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Start United States GP
To drivers

Sergio Pérez

Red Bull Racing
Nationality mex Mexican
Birthplace Guadalajara
Date of birth 26/01/1990 (31 yr.)
F1 debute 2011, Australia

F1 season 2021

WC Position 5
Races 16
WC points 135.0
Victories 1
Podiums 3
Pole positions 0

F1 career

World titles 0
WC points 664
Races 207
Victories 2
Podium places 13
Pole positions 0

It was a whirlwind 2020 for Sergio Perez. Not only did the Mexican contract coronavirus, but he spent the latter part of the season contemplating his potential exit from the sport after losing his seat to Sebastian Vettel for 2021. However, a career-best fourth-place finish in the drivers’ championship – which included his first grand prix victory – means Checo will line up for Red Bull next year in a car that could challenge Mercedes.

Personal information

Name Sergio Perez Mendoza
Team Red Bull
Date of Birth January 26, 1990
Place of Birth Guadalajara, Mexico
Age 31
Height 1.73m (5' 7")
Weight 63kg
Nationality Mexican
Race Number 11

Biography of F1 driver Sergio Perez

Sergio Perez broke into the Formula 1 grid with Sauber back in 2011, and in the decade since has driven for a number of teams and established himself as one of the most reliable drivers.

Through stints with Sauber, McLaren, and Force India/ Racing Point, the latter of which brought him his first ever F1 race victory at the Sakhir Grand Prix in 2020, the Mexican has shown his skill and longevity on the way to his current position with Red Bull.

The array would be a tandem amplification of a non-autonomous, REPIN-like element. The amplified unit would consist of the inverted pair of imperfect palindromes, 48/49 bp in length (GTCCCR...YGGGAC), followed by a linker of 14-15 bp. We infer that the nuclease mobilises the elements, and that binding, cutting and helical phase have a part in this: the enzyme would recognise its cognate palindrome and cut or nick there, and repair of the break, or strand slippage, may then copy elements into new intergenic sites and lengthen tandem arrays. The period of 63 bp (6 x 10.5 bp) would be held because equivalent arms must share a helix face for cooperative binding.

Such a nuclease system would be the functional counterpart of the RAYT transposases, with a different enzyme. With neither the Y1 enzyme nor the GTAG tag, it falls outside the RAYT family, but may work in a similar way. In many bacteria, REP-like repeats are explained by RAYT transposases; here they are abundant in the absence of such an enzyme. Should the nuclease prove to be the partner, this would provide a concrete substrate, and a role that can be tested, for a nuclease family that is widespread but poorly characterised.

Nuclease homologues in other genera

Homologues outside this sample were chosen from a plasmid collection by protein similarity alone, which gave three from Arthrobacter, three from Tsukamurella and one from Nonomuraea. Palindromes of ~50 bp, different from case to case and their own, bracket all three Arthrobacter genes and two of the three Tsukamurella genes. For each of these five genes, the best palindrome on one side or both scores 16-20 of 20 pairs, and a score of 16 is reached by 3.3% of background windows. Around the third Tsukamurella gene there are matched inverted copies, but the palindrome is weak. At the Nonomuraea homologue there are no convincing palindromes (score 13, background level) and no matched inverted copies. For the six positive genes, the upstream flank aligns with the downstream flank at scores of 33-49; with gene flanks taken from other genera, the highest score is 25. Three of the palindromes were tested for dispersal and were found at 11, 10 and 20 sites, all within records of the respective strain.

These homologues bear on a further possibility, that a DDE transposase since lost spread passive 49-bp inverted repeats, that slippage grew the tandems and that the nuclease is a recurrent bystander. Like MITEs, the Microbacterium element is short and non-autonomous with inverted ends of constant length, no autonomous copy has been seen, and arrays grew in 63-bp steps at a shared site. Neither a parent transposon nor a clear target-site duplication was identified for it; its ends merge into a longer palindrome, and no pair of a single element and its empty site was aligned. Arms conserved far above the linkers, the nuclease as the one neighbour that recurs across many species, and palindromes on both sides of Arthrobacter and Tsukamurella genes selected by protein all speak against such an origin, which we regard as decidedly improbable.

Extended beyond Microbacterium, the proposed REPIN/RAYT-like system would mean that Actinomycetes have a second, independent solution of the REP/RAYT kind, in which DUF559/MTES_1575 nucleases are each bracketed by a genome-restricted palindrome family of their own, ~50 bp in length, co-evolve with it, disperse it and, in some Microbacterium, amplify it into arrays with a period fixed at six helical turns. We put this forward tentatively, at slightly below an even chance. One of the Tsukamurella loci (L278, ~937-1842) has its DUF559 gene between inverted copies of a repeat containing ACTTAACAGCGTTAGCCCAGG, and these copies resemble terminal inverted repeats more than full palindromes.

But who is Sergio Perez and how did he secure his spot in Formula 1?

Here is everything you need to know about Sergio Perez.

Perez's early career

Sergio 'Checo' Perez was born in Guadalajara Mexico on January 26 1990, the son of a former stock car racer, and by age six he had already begun to participate in karting.

Those early years showed glimpses of the young driver's promise, with a range of trophies in both his home country and in the US, and the early success would win him a move to Europe to compete in the German Formula BMW ADAC series in 2005.

The first year away from home failed to produce the type of success Perez would have dreamt of as he struggled to fourteenth in the drivers' trophy that season.